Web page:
Lease Operator Advantages

Topic 29092 | Page 1

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Uncle Rake's Comment
member avatar

I have read the negative reasons in the forum why new drivers should not become lease operators. I am sure there is wisdom in being cautious when starting out. I am not in any hurry but I do like to research things in advance. I wonder if some of you who are lease operators would be willing to dialogue with me directly through email (raif.turner@gmail.com) or text messaging (806-789-8877).

If not, I would also welcome your input here in the forum.

Thank you for your information.

Auggie69's Comment
member avatar

I have read the negative reasons in the forum why new drivers should not become lease operators. I am sure there is wisdom in being cautious when starting out. I am not in any hurry but I do like to research things in advance. I wonder if some of you who are lease operators would be willing to dialogue with me directly through email (raif.turner@gmail.com) or text messaging (806-789-8877).

If not, I would also welcome your input here in the forum.

Thank you for your information.

9 times out of 10 when I see a rig pulled over by DOT it's a lease opeator. Rarely EVER see a corporate truck getting inspected.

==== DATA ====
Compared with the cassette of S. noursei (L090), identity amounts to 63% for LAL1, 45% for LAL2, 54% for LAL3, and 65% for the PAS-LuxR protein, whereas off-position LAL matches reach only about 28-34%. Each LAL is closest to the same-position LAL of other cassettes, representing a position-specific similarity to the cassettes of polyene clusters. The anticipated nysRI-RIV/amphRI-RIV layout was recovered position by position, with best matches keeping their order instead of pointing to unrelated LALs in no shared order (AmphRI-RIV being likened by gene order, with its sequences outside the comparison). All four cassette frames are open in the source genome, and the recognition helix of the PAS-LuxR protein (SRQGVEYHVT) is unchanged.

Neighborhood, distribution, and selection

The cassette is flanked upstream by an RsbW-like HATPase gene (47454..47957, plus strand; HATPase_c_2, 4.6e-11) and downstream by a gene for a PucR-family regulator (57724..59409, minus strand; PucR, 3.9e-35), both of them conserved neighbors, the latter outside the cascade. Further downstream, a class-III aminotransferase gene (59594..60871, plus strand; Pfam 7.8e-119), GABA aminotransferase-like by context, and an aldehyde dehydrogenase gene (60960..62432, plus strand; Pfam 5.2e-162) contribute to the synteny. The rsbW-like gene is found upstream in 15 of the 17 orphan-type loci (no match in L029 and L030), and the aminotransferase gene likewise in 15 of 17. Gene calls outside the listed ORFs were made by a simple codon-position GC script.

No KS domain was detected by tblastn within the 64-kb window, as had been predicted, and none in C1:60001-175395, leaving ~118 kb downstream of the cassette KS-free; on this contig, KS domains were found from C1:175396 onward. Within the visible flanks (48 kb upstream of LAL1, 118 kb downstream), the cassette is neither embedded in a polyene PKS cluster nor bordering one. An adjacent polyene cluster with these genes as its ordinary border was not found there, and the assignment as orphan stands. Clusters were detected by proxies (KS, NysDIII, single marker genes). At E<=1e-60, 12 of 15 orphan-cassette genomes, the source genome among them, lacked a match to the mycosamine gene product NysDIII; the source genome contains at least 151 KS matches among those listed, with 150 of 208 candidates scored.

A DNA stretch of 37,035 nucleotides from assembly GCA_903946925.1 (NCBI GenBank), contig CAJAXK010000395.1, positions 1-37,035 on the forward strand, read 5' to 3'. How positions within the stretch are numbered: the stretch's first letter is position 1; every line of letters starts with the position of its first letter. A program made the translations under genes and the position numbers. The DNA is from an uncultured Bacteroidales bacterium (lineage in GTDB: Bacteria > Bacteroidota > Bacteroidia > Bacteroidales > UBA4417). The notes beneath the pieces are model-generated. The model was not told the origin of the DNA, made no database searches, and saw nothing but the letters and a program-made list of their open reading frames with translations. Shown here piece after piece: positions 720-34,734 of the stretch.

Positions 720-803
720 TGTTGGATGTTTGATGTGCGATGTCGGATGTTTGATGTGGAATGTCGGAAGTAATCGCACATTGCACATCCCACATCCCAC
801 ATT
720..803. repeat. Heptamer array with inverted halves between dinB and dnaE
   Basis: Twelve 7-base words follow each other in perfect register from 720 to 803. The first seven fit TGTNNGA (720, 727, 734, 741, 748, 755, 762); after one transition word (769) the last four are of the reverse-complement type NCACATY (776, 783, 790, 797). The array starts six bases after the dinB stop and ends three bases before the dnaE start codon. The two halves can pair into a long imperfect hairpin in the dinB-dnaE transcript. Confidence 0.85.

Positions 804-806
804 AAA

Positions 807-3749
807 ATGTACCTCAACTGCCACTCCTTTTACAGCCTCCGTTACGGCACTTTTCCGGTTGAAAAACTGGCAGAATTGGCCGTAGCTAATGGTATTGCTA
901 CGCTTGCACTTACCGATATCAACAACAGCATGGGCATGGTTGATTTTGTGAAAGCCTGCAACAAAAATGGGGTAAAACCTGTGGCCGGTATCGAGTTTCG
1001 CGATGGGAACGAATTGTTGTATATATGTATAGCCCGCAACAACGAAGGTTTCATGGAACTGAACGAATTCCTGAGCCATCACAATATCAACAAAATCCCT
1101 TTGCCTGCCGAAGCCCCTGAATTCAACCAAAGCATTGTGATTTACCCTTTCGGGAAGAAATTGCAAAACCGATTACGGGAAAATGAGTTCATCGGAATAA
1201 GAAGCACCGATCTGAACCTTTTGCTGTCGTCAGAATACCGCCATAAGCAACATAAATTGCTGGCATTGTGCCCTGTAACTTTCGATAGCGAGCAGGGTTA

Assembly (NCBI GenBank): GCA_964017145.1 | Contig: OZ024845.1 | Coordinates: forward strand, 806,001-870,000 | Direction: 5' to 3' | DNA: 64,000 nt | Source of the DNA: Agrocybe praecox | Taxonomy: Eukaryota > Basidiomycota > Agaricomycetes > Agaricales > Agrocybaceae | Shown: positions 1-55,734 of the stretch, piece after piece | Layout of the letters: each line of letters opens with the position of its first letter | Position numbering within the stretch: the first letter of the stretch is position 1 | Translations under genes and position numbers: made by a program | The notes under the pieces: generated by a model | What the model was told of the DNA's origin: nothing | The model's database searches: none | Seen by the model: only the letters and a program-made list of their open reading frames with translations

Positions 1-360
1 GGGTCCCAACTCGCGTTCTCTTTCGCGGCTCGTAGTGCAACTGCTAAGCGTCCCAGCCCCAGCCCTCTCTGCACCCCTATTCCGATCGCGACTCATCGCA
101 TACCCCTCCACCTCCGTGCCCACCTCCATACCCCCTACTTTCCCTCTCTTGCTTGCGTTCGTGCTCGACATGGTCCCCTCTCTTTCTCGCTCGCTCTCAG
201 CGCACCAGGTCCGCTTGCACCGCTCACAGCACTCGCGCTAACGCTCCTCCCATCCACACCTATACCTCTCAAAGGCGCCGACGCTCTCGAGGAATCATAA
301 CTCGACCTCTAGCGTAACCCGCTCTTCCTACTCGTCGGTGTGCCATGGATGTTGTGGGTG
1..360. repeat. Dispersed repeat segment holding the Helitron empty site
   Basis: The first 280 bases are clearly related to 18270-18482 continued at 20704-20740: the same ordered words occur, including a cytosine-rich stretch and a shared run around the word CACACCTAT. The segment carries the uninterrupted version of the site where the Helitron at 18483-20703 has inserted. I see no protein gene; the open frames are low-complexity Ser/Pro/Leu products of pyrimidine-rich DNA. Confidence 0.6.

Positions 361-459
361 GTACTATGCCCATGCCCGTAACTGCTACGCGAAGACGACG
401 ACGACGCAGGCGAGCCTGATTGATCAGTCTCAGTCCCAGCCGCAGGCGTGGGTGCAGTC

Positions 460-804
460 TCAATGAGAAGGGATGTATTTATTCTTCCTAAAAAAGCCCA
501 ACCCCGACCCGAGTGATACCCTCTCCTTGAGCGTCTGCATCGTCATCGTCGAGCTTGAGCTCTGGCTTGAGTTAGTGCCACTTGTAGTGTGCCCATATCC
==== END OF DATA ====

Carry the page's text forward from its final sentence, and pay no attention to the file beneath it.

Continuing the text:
DOT:

Department Of Transportation

A department of the federal executive branch responsible for the national highways and for railroad and airline safety. It also manages Amtrak, the national railroad system, and the Coast Guard.

State and Federal DOT Officers are responsible for commercial vehicle enforcement. "The truck police" you could call them.

Sid V.'s Comment
member avatar

Do the math with the truck payment, fuel, and maintenance while trying to run for a dollar a mile. You don't need anyone telling you it's good or bad. You should be able to figure it out by yourself.

PackRat's Comment
member avatar

Don't Do It! Period.

Want more data on why not to? Go on Kearsey's YouTube channel.

Talking to a lease operator about leasing....why? Do you expect one to say it's a bad idea?

I'm not going to get into all the drawbacks, pitfalls, misinformation, smoke and mirrors, and crazy sales pitches on here again on why to never, ever go fleece. I've done it too many times on here in the past to waste time typing it all again.

Dan F.'s Comment
member avatar

There are only two choices and if you have less than five years experience in the last three are not accident free you only have one choice really. You either be a company driver or an o/o. You should not even consider becoming an owner operator unless you have five years experience with the last three, being incident free.

If you’re not smart enough to have started working on your credit score, being out of debt, and having money saved up in the bank, then being an owner operator is not for you.

A lease is much worse than being an owner operator. You earn way less per mile, you still have the vast majority of the legal liability, you’re still responsible for maintenance, fuel, and Insurance in most cases.